The way to design securely is to assume your system WILL be breached and create a design that mitigates potential damage. There is nothing new in this – it is just risk management applied to security.
As a consequence, each component of the system must be isolated – to the extent possible – in an attempt to prevent contagion from compromised pieces.
Security Binarism versus Probabilities
I know Robert will agree with me that one of the things we have to avoid at all costs is “security binarism”. In this view, either something is secure or it isn't secure. If its adherants can find any potential vulnerability in something, they conclude the whole thing is vulnerable, so we might as well give up trying to protect it. Of course this isn't the way reality works – or the way anything real can be secured.
Let's use the analogy of physical security. I'll conjure up our old friend, the problem of protecting a castle.
You want a good outer wall – the higher and thicker the better. Then you want a deep moat – full of alligators and poisonous snakes. Why? If someone gets over the wall, you want them to have to cross the moat. If they don't drown in the moat, you want them to be eaten or bitten (those were the days!) And after the moat, you would have another wall, with places to launch boiling oil, shoot arrows, and all the rest. I could go on, but will spare you the obviousness of the excercise.
The point is, someone can breach the moat, but will then hit the next barrier. It doesn't take a deep grasp of statistics to see that if there is a probability of breach associated with each of these components, the probability of breaking through to the castle keep is the product of all the probabilities. So if you have five barriers, then even if each has a very high probability of breach (say 10%), the overall probability of breaking through all the barriers is just .001%. This is what lies behind the extreme power of combining numerous defences – especially if breaking through each defence requires completely unrelated skills and resources.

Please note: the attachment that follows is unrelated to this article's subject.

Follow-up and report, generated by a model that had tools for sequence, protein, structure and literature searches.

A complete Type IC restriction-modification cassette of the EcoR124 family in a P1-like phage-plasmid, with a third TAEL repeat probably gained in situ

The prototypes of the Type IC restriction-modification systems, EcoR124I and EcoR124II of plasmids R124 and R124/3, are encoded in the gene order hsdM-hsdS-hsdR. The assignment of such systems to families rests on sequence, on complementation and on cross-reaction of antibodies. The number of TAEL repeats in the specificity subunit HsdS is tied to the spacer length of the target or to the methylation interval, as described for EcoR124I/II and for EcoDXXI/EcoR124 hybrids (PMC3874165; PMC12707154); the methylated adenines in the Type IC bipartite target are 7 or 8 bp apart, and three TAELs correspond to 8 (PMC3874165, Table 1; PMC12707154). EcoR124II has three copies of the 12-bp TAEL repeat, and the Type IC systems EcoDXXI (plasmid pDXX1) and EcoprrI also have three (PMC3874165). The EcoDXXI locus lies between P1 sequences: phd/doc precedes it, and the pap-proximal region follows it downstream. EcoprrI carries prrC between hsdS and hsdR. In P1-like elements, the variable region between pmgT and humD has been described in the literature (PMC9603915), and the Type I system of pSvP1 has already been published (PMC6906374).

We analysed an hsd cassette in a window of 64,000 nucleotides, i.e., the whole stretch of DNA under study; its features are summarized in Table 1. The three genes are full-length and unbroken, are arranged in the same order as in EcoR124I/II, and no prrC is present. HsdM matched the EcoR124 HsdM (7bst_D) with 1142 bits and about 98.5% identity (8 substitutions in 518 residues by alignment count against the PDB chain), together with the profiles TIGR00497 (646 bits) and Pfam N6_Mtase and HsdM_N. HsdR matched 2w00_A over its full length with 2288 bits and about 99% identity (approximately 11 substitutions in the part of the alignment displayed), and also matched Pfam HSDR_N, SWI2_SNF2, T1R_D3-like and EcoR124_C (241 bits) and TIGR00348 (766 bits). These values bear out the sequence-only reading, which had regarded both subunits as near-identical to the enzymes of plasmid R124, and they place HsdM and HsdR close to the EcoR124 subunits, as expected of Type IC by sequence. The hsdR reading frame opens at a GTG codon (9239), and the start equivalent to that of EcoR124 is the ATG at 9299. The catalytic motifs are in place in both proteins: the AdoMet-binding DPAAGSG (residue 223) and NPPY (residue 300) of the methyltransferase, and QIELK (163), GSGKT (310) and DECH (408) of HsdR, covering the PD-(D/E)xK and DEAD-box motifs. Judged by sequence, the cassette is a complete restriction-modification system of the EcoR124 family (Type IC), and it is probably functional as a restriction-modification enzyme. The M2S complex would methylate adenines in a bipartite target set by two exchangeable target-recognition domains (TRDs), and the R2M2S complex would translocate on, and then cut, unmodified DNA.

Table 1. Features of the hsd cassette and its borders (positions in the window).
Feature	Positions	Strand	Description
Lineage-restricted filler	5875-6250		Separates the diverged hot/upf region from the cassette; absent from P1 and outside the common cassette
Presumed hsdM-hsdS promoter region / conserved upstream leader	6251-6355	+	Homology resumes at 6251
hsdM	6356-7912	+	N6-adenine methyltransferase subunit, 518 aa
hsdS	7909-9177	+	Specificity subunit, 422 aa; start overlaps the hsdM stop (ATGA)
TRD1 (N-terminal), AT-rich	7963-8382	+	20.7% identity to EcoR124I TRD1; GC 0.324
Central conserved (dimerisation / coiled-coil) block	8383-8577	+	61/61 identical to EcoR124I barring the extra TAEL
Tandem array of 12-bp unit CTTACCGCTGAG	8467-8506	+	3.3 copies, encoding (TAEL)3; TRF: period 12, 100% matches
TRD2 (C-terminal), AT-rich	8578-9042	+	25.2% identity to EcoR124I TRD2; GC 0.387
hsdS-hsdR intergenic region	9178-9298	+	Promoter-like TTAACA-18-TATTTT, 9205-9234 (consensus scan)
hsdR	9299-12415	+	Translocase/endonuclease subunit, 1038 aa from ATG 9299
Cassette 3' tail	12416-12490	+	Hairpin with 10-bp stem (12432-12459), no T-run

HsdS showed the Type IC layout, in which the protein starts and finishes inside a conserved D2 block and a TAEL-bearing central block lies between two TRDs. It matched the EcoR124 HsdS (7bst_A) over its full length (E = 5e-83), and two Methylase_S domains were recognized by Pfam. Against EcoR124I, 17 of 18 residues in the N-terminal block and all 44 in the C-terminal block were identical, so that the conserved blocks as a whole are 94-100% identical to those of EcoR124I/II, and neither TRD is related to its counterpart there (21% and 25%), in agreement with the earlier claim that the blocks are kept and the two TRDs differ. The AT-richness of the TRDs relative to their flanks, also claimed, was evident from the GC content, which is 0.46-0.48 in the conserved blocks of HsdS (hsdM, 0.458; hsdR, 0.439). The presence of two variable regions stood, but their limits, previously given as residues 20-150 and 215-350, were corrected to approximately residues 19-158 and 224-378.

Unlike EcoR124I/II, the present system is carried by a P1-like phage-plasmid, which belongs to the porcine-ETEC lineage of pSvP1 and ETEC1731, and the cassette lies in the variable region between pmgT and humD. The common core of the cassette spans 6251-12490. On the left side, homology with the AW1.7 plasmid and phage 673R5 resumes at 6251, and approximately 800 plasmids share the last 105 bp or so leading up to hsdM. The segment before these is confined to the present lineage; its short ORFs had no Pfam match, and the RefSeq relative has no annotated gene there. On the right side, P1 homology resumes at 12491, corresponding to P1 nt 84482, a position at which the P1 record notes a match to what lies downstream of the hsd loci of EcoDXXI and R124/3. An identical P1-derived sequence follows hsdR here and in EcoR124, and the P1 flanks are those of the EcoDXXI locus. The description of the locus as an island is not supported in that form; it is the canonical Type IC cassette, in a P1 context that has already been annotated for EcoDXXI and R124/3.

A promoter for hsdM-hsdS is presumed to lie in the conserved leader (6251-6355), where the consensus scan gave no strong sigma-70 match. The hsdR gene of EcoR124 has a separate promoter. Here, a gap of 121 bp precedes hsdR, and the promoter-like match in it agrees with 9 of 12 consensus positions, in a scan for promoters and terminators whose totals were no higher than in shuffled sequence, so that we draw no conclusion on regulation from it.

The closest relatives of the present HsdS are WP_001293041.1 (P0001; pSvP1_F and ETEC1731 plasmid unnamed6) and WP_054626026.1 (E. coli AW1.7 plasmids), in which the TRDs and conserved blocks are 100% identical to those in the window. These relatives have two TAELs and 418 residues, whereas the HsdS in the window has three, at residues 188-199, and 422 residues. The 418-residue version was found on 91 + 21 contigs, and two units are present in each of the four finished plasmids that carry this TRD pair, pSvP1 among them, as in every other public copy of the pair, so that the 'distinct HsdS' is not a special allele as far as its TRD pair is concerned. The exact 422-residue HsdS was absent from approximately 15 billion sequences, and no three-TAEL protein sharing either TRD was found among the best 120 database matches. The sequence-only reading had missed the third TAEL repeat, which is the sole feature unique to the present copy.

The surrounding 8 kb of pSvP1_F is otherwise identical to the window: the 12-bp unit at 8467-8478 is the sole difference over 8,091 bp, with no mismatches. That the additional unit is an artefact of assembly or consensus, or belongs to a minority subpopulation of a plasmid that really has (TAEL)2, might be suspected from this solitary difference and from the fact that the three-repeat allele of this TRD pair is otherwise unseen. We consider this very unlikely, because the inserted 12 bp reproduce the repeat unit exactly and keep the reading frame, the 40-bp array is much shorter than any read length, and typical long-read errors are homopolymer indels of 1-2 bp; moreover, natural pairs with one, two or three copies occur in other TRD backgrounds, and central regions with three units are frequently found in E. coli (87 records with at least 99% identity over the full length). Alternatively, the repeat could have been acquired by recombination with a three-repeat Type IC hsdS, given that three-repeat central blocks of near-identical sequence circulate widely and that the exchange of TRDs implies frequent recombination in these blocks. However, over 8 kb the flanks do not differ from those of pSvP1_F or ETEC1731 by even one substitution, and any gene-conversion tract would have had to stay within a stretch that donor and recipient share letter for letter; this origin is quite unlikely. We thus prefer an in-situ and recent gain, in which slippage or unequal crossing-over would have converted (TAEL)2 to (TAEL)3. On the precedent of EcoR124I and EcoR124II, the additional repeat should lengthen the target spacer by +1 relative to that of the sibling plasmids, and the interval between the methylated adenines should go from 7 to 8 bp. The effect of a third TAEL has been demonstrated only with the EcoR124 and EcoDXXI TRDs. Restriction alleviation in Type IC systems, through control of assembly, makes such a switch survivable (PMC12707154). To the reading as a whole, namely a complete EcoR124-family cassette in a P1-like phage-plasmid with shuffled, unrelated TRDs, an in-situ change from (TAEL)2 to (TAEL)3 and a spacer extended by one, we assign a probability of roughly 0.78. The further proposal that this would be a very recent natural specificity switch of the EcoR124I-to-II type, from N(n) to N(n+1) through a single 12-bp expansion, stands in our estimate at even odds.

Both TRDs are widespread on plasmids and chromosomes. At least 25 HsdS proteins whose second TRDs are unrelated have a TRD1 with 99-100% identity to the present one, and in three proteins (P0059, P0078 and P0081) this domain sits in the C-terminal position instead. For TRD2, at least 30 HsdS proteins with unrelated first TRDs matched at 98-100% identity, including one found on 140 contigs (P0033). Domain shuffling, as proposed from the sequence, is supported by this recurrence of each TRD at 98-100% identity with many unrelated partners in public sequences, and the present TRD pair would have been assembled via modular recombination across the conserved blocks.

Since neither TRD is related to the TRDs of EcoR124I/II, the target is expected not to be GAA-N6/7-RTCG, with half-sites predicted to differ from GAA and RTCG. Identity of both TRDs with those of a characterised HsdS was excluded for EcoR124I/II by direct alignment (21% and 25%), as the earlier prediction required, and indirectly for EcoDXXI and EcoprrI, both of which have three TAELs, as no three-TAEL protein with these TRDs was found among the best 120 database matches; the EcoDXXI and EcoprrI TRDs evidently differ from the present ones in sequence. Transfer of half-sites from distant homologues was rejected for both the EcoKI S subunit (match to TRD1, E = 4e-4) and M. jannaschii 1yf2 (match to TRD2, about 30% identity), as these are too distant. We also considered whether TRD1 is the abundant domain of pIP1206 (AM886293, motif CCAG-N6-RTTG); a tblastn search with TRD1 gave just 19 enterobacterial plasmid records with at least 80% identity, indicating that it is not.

But despite the best castle design, we all know that the conquering hero can still dress up as a priest and walk in through the drawbridge without being detected (I saw the movie). In other words, there is a social engineering attack.
So, CardSpace may be nothing more than a really excellent moat. There may be other ways into the castle. But having a really great moat is in itself a significant advance in terms of “defence in depth”.
Beyond that, Information Cards begin to frame many questions better than they have been framed in the past – questions like, “Why am I retaining data that creates potential liability?”
In terms of Robert's fear that strong authentication will lead to hallucinations of non-repudiation, I agree that this is a huge potential problem. We need to start thinking about it and planning for it now. CSI can play an important role in educating professionals, government and citizens about these issues.
I recently expanded on these ideas here.